Looks Like I'm Back to Bordeaux

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Looks Like I'm Back to Bordeaux

Postby Isaac » Tue Jul 18, 2006 1:12 am

My daughter was married last summer. Lately, I've been having the idea that I'd buy some 2005 wines to lay down, saving a few for her silver anniversary.

My first thought was Bordeaux. 2005 is being heralded as a great year, one for the ages, etc. Then I saw the prices!

So, I went to California. Unfortunately, 2005 seems to have been an ordinary year at best in the Golden State. It's early yet, but the prognosis isn't good.

then, I had a brainstorm. Port! Of course! It ages better than most, and I know she likes it. Unfortunately, 2005 seems unlikely to be declared a vintage year at any of the houses.


So, I'm back to Bordeaux. I'm open to suggestions. I've never purchased futures before, but I've noticed the prices rising already for the top chateaus. I'm open to suggestions. I'm currently leaning toward La Cour d'Argent. Not a classified growth, and might not last the 25 years, but, you know, silver anniversary, Cour d'argent...

Would I be wasting my cellar space? Anything else in my price range that makes better sense?
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Re: Looks Like I'm Back to Bordeaux

Postby Paul Savage » Tue Jul 18, 2006 2:37 am

Well, if you HAVE TO have '05s, I think there will be some worth cellaring that won't be terribly expensive, if $50 - $70 a bottle is do-able, for a few bottles? Then you CAN look at decent classified growths. I'll have to look at http://www.premiercru.net for prices again, to see what looks vaguely promising. Chateaux like Brane Cantenac, Clerc Milon, Smith Haut Lafitte, Fleur de Bouard, and Lascombes have been doing well recently - which reminds me, I should check the reviews too! :wink: ...Paul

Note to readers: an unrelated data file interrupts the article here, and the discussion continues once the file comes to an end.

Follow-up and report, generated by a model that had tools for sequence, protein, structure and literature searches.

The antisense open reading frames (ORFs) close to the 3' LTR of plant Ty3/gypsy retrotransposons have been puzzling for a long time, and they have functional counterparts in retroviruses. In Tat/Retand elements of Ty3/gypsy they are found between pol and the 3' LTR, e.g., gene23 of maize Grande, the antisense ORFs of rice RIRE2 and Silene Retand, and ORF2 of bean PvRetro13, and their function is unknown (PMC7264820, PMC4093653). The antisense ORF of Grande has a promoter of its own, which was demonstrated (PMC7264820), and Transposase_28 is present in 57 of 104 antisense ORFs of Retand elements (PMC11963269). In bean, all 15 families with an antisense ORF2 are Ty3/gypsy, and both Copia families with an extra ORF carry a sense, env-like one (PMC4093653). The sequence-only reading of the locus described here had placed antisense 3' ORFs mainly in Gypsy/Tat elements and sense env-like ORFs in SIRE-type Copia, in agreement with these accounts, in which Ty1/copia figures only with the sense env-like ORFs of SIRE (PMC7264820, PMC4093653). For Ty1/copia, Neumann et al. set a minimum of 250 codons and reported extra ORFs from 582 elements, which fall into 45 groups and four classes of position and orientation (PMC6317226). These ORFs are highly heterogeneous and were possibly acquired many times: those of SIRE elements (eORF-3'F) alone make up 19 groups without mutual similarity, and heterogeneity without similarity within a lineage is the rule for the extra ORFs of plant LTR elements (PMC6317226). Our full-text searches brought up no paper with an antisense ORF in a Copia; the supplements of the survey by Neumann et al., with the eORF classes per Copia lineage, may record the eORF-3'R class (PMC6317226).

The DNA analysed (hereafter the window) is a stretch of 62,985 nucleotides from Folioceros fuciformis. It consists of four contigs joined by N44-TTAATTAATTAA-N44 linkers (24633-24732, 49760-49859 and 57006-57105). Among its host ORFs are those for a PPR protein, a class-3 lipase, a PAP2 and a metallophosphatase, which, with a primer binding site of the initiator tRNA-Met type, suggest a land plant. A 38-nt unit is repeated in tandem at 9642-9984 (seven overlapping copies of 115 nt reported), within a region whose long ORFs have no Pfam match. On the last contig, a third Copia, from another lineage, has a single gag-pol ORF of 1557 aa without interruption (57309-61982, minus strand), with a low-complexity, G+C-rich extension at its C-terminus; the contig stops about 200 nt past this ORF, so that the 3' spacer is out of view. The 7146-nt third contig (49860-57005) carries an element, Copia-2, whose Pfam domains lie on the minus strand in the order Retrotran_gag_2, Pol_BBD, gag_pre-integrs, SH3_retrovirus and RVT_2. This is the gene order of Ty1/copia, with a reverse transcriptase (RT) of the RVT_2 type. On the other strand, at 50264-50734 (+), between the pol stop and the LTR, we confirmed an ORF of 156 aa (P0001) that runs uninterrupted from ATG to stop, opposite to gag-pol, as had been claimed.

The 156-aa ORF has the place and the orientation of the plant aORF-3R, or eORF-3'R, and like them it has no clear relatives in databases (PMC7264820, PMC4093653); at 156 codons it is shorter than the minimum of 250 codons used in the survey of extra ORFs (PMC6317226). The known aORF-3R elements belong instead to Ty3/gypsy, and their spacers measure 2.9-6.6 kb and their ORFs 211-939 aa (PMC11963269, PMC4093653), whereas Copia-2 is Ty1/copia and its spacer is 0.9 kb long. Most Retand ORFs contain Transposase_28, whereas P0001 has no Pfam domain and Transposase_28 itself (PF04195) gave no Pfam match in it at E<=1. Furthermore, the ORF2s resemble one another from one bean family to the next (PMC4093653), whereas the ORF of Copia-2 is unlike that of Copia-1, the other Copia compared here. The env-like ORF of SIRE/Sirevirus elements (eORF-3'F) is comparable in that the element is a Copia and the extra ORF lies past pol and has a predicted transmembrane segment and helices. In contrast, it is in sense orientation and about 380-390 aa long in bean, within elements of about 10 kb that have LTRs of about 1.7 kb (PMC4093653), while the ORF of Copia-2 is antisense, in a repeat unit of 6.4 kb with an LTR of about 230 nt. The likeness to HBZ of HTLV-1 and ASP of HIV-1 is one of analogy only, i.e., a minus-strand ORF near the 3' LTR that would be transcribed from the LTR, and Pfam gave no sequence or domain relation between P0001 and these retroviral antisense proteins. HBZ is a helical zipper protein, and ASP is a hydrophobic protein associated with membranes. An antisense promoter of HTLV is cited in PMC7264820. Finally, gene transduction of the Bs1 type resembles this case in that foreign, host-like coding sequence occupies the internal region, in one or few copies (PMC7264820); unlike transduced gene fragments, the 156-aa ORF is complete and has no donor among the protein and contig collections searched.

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Re: Looks Like I'm Back to Bordeaux

Postby Otto » Tue Jul 18, 2006 8:35 am

Germany isn't an option? And why not wait a few moments to see what Burgundy and the Rhone and all the other regions which are rumoured to have had an excellent year are like?

What price range is the Coeur d'Argent? For relatively affordable Bx that ages well, I would perhaps stick with Haut-Bailly and Léoville-Barton. Vieux Chateau Certan used to be relatively affordable, and I don't *think* they've increased their prices as much as some others.
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Re: Looks Like I'm Back to Bordeaux

Postby Dale Williams » Tue Jul 18, 2006 8:58 am

In the under $20 range (I think Cour d'Argent is Bdx AC,so assume in $10-15?) there are some 2005 Right Bank satellites that are very tasty, but unlikely to be at their best in 20 years. You might instead try a Haut-Medoc like Caronne Ste. Gemme or Lanessan (both have a record for aging, particularly the latter) or one of the less expensive St. Estephes like Tronquoy-Lalande or Petit Bocq. All of those are between $13-17.
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Re: Looks Like I'm Back to Bordeaux

Postby OW Holmes » Tue Jul 18, 2006 11:06 am

If you stay with Bordeaux, you might check out Sociando Mallet, traditionally a very long lived bdx that seems to perform well, year after year. $40 to $45 on futures and I think highly rated for 2005, if you care about that sort of thing. I have a case of '96 sitting in my cellar waiting for my granddaughter's wedding. Or her 30th birthday. Whichever comes first. She is 14.